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 PAHs in Sealcoat

 

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Sitelab Corporation completed a U.S. EPA funded grant with Chesapeake Bay Trust for DOEE in Washington, DC to create a certification program testing the PAH content in pavement sealants.  Materials used to manufacture sealcoats vary; most in commercial use are made with coal tar, ethylene cracked residue (ECR) or are asphalt-based.  Manufacturers who participate will know if their product meets a 1,000 ppm (Gold) or 10,000 ppm (Silver) regulatory limit. 
Download:
CBTRUST FINAL REPORT
   
 
 
The Quality Assurance Protocol developed by Sitelab requires laboratory analysis be performed using EPA Method 8270D by GC/MS to report 17 polycyclic aromatic compounds.  Pavement sealants are used on driveways and parking lots only.  They are not used on roads or highways.   
 
 
An ongoing list of CERTIFIED SEALCOAT PRODUCTS is available informing the public of the general concentration of PAHs in each manufacturer's product.  This information will be used for communities that want to ban sealcoats made with high concentrations of PAHs.




 
   
Sealcoating is applied to parking lots and driveways to improve the look and longevity of pavement.    
 
 
 
 What PAH Compounds are Regulated?

 


 


Asphalt-based sealcoats, like these bucket brands purchased at retail stores, are mostly used on driveways by homeowners. 

Most manufacturers who make coal tar and ECR products, also make asphalt-based sealants used by professional contractors for commercial applications.
 
     
 
 Current Bans in U.S. With and Without PAH Limits

See this website for more info: COALTARFREEUSA.COM


 
 
 
Visit City of Austin's Watershed Protection website to learn more about bans.  Austin has adopted DOEE's QA Protocol for sealcoat analysis and certification.
   
   
   
Want to Help the Merrimack River?  Ban Coal Tar and High-PAH Parking Lot Sealants       

Read the Op-Ed written by Steve Greason of Sitelab Corp for ACES, in Newburport's THE DAILY NEWS newspaper, November 25, 2022.

The Merrimack River watershed in New Hampshire and Massachusetts is 5,000 square miles in size with 2.6 million residents, 600,000 of which use the river for drinking water.  Combined sewer overflows is the biggest problem, but urban runoff is also polluting the river.  Prohibiting the use of coal tar sealants in both States would be an easy fix and help protect human health and the environment.

The State of Maine recently passed a ban into law with a 10,000 ppm PAH limit, which is too high, but a good start.  New York State and Canada also just passed bans and both have plans in the works to lower the limit to 1,000 ppm.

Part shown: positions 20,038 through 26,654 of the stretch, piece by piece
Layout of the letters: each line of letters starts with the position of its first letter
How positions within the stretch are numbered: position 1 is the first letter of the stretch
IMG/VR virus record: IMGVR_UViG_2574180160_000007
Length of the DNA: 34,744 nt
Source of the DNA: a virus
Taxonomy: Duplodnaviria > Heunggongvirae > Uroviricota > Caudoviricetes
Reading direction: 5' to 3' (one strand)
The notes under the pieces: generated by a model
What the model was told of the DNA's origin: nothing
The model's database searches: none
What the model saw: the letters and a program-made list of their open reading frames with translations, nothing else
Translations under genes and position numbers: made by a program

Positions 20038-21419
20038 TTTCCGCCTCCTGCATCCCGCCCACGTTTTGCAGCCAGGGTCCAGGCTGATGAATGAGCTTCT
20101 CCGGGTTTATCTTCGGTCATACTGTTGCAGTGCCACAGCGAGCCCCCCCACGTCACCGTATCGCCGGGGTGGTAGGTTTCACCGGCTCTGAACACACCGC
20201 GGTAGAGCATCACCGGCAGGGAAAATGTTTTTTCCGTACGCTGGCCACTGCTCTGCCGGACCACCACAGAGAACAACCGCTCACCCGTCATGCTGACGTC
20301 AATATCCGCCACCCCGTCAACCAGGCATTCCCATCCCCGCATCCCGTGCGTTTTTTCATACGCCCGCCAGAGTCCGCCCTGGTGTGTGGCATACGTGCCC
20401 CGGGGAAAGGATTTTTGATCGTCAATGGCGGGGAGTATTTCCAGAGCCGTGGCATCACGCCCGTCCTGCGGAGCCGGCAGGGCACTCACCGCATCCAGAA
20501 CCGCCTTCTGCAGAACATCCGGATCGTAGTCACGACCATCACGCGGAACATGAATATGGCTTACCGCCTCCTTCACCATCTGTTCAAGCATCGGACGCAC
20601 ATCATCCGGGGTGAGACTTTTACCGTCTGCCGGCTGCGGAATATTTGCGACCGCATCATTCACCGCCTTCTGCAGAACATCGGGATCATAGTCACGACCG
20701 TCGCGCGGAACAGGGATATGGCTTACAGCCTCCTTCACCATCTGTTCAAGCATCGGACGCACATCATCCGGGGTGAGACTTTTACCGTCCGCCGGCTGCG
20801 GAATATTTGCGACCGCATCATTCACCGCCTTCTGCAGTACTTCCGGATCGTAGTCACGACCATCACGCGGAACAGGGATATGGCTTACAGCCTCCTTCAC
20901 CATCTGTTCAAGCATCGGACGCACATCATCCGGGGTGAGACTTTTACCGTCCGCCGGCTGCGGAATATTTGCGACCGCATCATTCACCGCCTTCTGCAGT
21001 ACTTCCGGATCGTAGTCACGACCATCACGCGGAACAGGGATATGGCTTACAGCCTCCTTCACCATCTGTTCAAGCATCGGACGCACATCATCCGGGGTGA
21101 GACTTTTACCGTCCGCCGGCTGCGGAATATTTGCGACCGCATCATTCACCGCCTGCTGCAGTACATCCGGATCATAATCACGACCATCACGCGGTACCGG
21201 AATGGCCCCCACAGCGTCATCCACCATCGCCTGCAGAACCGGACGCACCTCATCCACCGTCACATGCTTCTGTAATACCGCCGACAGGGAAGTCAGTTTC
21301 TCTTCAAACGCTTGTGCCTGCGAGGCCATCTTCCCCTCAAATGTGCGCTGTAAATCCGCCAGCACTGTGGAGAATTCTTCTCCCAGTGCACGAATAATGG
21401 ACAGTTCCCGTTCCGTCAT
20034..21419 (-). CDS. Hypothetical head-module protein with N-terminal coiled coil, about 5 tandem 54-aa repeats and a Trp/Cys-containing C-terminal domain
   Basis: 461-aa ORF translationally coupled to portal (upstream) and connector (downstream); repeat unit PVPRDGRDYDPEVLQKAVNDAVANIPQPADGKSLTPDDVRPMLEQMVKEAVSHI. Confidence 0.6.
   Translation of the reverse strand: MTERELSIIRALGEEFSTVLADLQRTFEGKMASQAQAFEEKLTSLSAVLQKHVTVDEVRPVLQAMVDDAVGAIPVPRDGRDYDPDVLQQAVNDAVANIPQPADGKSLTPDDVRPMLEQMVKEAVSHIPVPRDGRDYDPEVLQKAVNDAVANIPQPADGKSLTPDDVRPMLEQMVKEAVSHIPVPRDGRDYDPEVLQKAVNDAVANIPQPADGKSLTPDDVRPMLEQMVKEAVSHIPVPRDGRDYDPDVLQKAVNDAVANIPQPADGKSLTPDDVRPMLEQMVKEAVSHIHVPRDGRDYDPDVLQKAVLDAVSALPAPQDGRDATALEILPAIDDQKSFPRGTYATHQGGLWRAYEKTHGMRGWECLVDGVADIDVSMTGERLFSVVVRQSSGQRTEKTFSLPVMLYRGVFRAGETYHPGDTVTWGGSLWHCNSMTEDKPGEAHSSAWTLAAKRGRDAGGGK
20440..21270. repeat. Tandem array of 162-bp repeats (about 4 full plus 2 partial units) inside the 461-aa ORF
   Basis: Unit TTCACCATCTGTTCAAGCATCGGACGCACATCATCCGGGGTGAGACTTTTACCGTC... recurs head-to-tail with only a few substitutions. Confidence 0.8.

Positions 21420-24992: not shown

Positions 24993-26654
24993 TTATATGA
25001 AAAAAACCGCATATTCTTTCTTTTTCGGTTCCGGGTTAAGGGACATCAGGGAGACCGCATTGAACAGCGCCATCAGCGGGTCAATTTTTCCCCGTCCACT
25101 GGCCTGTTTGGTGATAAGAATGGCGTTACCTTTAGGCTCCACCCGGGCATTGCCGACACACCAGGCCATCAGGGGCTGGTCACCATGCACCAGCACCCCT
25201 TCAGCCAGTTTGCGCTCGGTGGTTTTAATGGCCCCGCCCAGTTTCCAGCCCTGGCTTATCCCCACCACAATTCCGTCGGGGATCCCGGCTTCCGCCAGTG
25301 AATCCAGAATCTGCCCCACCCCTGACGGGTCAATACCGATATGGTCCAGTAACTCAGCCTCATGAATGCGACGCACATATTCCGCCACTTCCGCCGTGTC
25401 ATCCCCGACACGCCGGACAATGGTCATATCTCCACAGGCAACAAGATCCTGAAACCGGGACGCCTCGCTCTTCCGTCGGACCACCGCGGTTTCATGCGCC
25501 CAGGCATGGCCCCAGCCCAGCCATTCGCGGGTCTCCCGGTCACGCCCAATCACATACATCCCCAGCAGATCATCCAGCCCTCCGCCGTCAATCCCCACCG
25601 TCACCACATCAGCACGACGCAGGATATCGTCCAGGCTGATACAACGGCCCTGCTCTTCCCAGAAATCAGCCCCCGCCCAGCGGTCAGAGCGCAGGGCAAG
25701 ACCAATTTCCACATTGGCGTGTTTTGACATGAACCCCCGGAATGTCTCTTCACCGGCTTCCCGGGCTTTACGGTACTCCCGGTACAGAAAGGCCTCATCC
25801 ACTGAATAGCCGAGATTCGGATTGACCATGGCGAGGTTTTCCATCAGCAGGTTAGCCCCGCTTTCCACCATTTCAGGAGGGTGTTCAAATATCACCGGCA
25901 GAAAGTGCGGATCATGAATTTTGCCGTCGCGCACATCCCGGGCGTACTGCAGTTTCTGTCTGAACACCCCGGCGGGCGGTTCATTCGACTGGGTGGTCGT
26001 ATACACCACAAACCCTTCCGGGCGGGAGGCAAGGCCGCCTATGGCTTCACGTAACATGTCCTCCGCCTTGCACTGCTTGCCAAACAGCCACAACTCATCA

"If our neighbors are doing it, we should too.  Its time New Hampshire and Massachusetts take action.  Ask your elected officials to get legislation started.  It can only help the river." 
 

 

See Merrimack River Survey
Visit: ACES-ALLIANCE.ORG

  

  

 
Types of Sealcoats, Concentration Ranges and Products Available in U.S. Market


 
   
 
 
Manufacturers who make asphalt-based sealcoats, which are low in PAH content, are encouraged to submit samples for analysis.  In most cases, testing is free.  Use the chain of custody forms to collect and submit your samples.  See DOEE's QA Protocol, Appendix & User's Guide below for details.
 
 
DOEE, Washington, D.C.         

Manufacturers who want to get their products certified with the Department of Energy and Environment (DOEE), can ship samples to Sitelab for laboratory analysis using DOEE's new QA Protocol. 
 
Use the DOEE CHAIN OF CUSTODY FORM if you are a sealcoat manufacturer and would like to get your products tested or visit DOEE's website for details:


   

 
   


DOEE QA PROTOCOL

APPENDIX A & B

DOEE USER'S GUIDE


 




See list of qualified sealcoat products tested to date:
 


 



See SOP for collecting field 'scrapings' from driveways and parking lots for analysis:
 

 
 
 
City of Austin, Texas, Watershed Protection Department

Sitelab Corporation is contracted with Austin's Watershed Protection Dept. to analyze and qualify sealcoat products for the City's 1,000 ppm PAH limit. 
 
Use the AUSTIN CHAIN OF CUSTODY FORM if you are a sealcoat manufacturer and would like to get your products tested or visit Austin's website for details:



 
 
Charlotte-Mecklenburg Storm Water Services, North Carolina

Sitelab Corporation is contracted with Mecklenburg County's Storm Water Services in Charlotte, NC, to analyze and qualify sealcoat products for the County's 1,000 ppm PAH limit. 
 
Use the MECKLENBURG CHAIN OF CUSTODY FORM if you are a sealcoat manufacturer and would like to get your products tested or visit their website for details:


 
 
 







   

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